He explained that Article 215 of the 1978 Pakistan Prison Rules allows for the reduction of sentences based on the passing of educational exams or the obtaining of religious instruction, but that this is now harder to access. Deputy Inspector General Tariq Mehmood Khan Babar told World Watch Monitor that clerics have been prevented from visiting prisons since the National Action Plan was introduced in early 2015, following the December 2014 attack by Tehrik-i-Taliban Pakistan, when 132 schoolchildren were killed at the Army Public School in Peshawar. In January 2015, the government announced its National Action Plan, aimed at eradicating extremism, but the move in turn affected general freedom to worship. Social worker Yousuf Sodagar, who works with inmates at Kasur District Jail, says the prison administration has also reduced the number of times Christians are allowed to meet to worship.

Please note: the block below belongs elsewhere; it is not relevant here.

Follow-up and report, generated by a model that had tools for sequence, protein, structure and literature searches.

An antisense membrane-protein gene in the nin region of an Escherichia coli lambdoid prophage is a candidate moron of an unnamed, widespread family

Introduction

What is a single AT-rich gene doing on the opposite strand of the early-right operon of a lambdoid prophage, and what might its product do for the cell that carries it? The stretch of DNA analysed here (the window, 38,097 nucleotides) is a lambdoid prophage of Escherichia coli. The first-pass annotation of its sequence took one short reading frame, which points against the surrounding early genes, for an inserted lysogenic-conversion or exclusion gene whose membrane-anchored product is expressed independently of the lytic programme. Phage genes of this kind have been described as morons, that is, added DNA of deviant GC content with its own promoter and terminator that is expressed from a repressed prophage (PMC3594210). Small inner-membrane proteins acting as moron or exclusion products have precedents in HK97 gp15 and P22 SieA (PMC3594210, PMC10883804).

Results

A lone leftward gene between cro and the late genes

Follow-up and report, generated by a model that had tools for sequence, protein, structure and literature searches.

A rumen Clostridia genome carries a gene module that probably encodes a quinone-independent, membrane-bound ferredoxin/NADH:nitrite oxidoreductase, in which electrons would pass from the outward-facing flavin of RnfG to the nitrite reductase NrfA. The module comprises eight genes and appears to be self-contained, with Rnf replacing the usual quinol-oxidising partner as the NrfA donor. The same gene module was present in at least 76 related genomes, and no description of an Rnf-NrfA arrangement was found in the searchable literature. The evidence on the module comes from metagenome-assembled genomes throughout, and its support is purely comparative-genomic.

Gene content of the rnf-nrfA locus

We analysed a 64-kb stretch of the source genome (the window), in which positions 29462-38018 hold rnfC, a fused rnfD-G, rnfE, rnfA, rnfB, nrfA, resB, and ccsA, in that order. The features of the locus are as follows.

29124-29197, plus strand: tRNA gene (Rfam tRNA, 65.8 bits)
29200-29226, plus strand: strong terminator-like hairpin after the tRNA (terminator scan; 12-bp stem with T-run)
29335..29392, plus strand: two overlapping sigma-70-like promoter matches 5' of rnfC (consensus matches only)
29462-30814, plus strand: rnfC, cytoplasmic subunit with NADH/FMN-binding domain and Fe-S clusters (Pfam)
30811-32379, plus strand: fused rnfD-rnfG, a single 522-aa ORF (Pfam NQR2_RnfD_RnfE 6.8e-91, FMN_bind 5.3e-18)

"I was wrongly imprisoned in this jail," Sodagar recalls. "When the Jail Inspector General was visiting, I requested him to allow Christians to worship together. Since then the prison officials allowed the Christians to assemble twice a day for worship, but only about three months ago this practice has been stopped and they are allowed to meet only in the morning. "When I met the deputy superintendent of the Jail, he also said that Christian inmates should worship with decency and not with loud music. I told him that no-one can dictate to us how to worship and this is the most solemn aspect of our worship." However, Deputy Superintendent Tipu Sultan said he "cannot believe an official would use these words". "I know that after the National Action Plan, clerics of all religions are barred from visiting persons of their faith in prisons and this was not discrimination but a matter of security," he added.